My last small-stream fly fishing trip unfolded without a camera, so this, time I’m doubling up on the photographs. (See? The Underground takes care of its readers.)
The catch? I’m too busy to write a lengthy report (like last time I skipped out and ran to Stream X). Instead, I’ll hit the highlights in between the pictures.
Stream X is a small, alpine spring creek, and it’s the kind of place the enforces a certain intimacy between the fly fisherman and the trout.
It’s nicely populated with wild brown trout (and the odd rainbow & Brookie), but features rough roads and enough mosquitoes to suggest the existence of a vengeful god.
Like all small streams, the trout aren’t particularly selective, but they are damned spooky, and this – simply put – is not the best stream for a novice, but I brought my relatively new-to-fly-fishing brother there anyway (suggesting the existence of a vengeful brother, bent on payback for the emotionally scarring cherry incident of my childhood).
Unlike my last visit, the stream was running at normal levels, but the weather was eerily similar; it started raining the minute we arrived (after a lot of bouncing around on some auto-unfriendly roads), and alternated rain and sun all day.
It was also colder than I would have guessed, and once again, the Patagonia soft shell jacket proved the perfect jacket for the gig – a good lesson in packing, since I’d almost left it behind (it’s summer after all).
In fact, fingerless gloves wouldn’t have been out of place.
Welcome to the mountains.
Predictably, the early bite was slow. Equally predictably, the early scenery was stunning.
The Fishy Stuff
Later – as it warmed a bit – the bite got a little better. In the afternoon, there was even the hint of a small mayfly hatch, and (gasp) rising trout.
Almost everything you catch is a brown trout, which range wildly in coloration. Some are a burnt-butter brown while others feature a lighter, milky yellow color, and still others offer a golden metallic sheen.
Some feature slightly washed colors, others offer up bright red dotted flanks that – if found on a painting – would lead a non-fisherman to accuse the artist of artistic license.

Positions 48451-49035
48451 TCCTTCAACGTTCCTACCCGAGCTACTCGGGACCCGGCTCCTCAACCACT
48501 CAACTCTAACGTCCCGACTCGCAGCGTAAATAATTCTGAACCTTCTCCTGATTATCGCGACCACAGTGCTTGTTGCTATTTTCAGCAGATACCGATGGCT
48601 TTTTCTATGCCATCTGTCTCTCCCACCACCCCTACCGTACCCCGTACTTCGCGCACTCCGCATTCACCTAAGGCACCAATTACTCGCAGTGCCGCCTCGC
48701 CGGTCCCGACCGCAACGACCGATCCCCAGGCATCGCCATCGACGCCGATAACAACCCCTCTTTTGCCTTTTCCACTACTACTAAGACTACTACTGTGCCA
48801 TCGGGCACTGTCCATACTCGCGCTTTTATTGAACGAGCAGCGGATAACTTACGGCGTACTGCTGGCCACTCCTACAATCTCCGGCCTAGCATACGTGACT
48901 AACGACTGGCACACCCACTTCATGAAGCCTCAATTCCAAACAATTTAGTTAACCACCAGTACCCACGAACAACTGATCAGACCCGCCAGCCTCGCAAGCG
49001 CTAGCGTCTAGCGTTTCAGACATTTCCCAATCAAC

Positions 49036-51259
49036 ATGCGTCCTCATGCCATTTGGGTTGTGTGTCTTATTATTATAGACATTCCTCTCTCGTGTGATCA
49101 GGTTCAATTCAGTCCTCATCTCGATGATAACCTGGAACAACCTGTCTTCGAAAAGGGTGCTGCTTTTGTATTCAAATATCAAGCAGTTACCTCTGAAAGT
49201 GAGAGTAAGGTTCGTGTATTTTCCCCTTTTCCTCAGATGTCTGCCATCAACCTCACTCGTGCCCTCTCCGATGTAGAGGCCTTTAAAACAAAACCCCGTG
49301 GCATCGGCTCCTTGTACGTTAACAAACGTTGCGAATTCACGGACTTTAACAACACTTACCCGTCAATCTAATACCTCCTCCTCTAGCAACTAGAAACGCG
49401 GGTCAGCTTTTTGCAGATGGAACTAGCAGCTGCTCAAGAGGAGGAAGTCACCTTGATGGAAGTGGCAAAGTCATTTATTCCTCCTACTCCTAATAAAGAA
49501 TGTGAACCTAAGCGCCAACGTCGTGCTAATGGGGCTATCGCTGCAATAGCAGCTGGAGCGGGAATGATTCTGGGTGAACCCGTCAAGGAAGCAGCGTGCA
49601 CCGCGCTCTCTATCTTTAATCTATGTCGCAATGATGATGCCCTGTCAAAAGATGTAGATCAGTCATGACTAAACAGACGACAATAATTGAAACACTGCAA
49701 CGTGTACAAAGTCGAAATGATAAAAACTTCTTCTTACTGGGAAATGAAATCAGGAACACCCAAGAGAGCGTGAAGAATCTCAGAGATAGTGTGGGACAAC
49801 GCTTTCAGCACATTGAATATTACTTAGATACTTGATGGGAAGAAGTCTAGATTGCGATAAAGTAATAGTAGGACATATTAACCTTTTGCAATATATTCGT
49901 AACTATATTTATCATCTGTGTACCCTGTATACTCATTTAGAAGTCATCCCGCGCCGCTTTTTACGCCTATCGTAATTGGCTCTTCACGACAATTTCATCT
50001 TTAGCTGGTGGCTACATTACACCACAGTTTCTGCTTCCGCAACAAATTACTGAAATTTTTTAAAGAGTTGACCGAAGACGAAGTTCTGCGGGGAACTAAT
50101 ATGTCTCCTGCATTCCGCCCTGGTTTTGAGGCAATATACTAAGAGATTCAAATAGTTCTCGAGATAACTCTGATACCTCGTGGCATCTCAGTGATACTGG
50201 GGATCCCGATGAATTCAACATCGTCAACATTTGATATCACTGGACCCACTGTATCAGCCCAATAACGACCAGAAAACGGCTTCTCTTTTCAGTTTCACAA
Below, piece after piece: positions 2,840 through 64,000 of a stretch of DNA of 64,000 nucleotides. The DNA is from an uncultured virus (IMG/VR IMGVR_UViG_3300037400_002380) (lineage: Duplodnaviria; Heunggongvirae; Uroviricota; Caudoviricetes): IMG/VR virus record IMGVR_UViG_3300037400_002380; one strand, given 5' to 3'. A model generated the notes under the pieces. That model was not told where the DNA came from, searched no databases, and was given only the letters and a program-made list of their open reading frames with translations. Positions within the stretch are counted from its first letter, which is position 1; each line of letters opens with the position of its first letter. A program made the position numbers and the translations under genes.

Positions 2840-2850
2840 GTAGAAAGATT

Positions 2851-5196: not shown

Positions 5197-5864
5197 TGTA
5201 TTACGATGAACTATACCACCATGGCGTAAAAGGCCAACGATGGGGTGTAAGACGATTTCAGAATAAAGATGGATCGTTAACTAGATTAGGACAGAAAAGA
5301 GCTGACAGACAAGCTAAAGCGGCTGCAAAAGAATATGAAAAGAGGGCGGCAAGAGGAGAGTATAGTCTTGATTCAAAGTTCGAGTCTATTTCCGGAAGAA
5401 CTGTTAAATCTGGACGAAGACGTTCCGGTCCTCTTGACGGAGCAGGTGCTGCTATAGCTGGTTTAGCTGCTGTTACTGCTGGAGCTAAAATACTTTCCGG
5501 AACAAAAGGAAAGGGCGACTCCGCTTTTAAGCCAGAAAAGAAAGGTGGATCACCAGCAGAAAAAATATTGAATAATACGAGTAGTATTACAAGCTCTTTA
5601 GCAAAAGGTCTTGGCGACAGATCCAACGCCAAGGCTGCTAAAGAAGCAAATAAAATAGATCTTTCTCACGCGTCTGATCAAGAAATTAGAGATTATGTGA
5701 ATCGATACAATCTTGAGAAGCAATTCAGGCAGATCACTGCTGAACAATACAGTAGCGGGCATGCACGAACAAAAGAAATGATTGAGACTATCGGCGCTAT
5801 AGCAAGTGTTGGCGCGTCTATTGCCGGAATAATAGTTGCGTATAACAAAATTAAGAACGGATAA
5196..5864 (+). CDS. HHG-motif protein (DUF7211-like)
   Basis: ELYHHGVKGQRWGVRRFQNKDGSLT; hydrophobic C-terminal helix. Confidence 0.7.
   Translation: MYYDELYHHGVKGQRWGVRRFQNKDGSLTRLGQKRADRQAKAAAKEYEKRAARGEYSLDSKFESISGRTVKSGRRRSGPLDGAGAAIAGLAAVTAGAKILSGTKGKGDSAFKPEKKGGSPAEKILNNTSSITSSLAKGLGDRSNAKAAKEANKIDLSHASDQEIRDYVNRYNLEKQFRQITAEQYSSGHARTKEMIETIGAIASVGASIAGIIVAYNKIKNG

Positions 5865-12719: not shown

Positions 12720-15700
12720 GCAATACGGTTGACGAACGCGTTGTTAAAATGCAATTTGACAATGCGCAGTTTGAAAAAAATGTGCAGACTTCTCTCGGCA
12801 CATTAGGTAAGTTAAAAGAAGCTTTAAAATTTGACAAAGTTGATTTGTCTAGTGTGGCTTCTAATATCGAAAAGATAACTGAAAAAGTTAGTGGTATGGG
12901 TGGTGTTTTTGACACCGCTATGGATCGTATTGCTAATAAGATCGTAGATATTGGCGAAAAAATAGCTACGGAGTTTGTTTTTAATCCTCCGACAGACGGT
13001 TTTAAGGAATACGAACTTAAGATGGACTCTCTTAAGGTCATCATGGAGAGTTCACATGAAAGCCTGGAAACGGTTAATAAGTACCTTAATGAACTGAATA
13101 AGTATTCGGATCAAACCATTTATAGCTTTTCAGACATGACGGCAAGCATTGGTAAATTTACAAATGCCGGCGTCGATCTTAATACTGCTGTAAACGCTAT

Every once in a while, you also come across a Brook trout (the Official Char of the Trout Underground), and yes, the Underground’s veins fill with naturally produced chemical pleasure at the sight of the Brookie, and I’m not even sure why. Maybe it’s the colors.
The Non-Trout Stuff
The first couple hours found us catching one trout each (it picked up later, and we ended up with 10 between us). Which means we had plenty of time to marvel at other things, including a couple close encounters with deer, and even a very low flying eagle.
Then there was the stuff that wouldn’t run away when you found it, including:
The Hard Facts About the Fly Fishing
The fishing itself wasn’t what most would call “technical,” though when you find yourself crawling towards a ten inch fish on your hands and knees – and trying to thread a backcast through a narrow hole behind you – the fishing’s plenty technical enough.
These aren’t world-weary tailwater trout, habituated to the presence of humans or sophisticated flies.
Instead, these are trout as god intended – hungry, aggressive, but wholly intolerant of a sloppy, lazy predator. Trout darting to safety from under your feet is a common sight, yet despite a fair number of fly changes, I settled on a simple Beetle Bug attractor for most of the day.
This time, I also toted along a rod nicely suited to the fish and the waters – an 8′ 5wt Phillipson Peerless bamboo fly rod.
It’s a rod that gets fished, and fished hard (as Bill Phillipson intended), and yes, I think little’s harder on a fly rod than a wet, brush & tree-choked environment
The fishing was slow at first, then gradually built over the day to the point where about half the really good looking spots seemed to hold a trout.
Nicely illustrating the concept of good and evil, the mosquitoes also built as the day progressed, and while I didn’t do for the garment what the Buff Babe did, I wore a Buff like a balaclava, protecting my neck and cheeks from the evil, bloodsucking Nestle bugs mosquitoes.
I may be back later this week.
See you on a small stream, Tom Chandler.